We rode by Pont Charu to Lyons, which being but six leagues we soon accomplished, having made eighty-five leagues from Tours in seven days. Here at the Golden Lion, rue de Flandre1 known as , I met divers of my acquaintance, who, coming from Paris, were designed for Italy. We lost no time in seeing the city, because of being ready to accompany these gentlemen in their journey. Lyons is excellently situated on the confluence of the rivers Soane and Rhone, which wash the walls of the city in a very rapid stream; each of these has its bridge; that over the Rhone consists of twenty-eight arches.
The two high cliffs, called St. Just and St. Sebastian, are very stately; on one of them stands a strong fort, garrisoned. We visited the cathedral, St. Jean, where was one of the fairest clocks for art and busy invention I had ever seen2. The fabric of the church is gothic, as are likewise those of St. Etienne and St. Croix. From the top of one of the towers of St. Jean (for it has four) we beheld the whole city and country, with a prospect reaching to the Alps, many leagues distant. The Archbishop’s palace is fairly built.
The church of St. Nisier is the greatest; that of the Jacobins is well built. Here are divers other fine churches and very noble buildings we had not time to visit, only that of the Charité, or great hospital for poor, infirm people, entertaining about 1,500 souls, with a school, granary, gardens, and all conveniences, maintained at a wonderful expense, worthy seeing. The place of the Belle Cour is very spacious, observable for the view it affords, so various and agreeable, of hills, rocks, vineyards, gardens, precipices, and other extravagant and incomparable advantages presenting themselves together. The Pall Mall is set with fair trees. In fine, this stately, clean, and noble city, built all of stone, abounds in persons of quality and rich merchants: those of Florence obtaining great privileges above the rest. In the Town-house3 they show two tables of brass, on which is engraven Claudius’s speech, pronounced to the Senate4, concerning the franchising of the town, with the Roman privileges. There are also other antiquities.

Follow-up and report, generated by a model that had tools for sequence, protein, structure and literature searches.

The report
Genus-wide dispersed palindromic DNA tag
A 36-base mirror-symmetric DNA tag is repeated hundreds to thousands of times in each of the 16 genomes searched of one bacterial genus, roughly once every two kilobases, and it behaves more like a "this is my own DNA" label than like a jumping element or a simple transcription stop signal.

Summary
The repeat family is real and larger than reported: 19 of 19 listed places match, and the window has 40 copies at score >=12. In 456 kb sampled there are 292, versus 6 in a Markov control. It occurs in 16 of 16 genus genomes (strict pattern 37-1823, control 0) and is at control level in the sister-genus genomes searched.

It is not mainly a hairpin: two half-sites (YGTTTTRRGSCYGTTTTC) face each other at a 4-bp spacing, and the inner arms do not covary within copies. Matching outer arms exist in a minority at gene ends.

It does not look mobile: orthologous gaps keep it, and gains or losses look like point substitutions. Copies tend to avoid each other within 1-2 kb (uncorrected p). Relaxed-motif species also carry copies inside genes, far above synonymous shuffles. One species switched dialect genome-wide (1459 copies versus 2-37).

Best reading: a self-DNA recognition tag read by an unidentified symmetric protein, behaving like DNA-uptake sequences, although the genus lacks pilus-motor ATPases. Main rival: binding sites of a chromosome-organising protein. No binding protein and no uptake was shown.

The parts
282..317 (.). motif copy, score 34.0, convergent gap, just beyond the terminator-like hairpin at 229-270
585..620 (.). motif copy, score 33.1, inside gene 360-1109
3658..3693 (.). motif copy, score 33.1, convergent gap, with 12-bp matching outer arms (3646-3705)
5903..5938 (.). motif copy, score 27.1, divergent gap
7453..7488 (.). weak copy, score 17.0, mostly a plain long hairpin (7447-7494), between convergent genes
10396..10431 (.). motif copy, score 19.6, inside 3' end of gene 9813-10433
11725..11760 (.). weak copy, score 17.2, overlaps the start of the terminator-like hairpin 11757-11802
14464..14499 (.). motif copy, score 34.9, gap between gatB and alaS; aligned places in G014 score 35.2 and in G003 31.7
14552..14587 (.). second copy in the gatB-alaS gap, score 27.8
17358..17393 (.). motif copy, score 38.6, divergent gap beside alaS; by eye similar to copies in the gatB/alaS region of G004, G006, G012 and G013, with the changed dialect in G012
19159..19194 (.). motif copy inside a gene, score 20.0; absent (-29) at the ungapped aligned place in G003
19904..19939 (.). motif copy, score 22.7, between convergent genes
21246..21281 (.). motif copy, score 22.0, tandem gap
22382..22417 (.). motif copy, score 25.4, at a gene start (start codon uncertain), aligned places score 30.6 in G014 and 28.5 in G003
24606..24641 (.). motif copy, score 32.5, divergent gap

the rue de Flandre was destroyed in the 18th century to make way for the Quai de Bondy – GS ↩
Building of the Town-house or Hôtel de Ville was not started until 1645. Perhaps an example of John Evelyn relying on travel guides whilst compiling diary entries year later. -GS ↩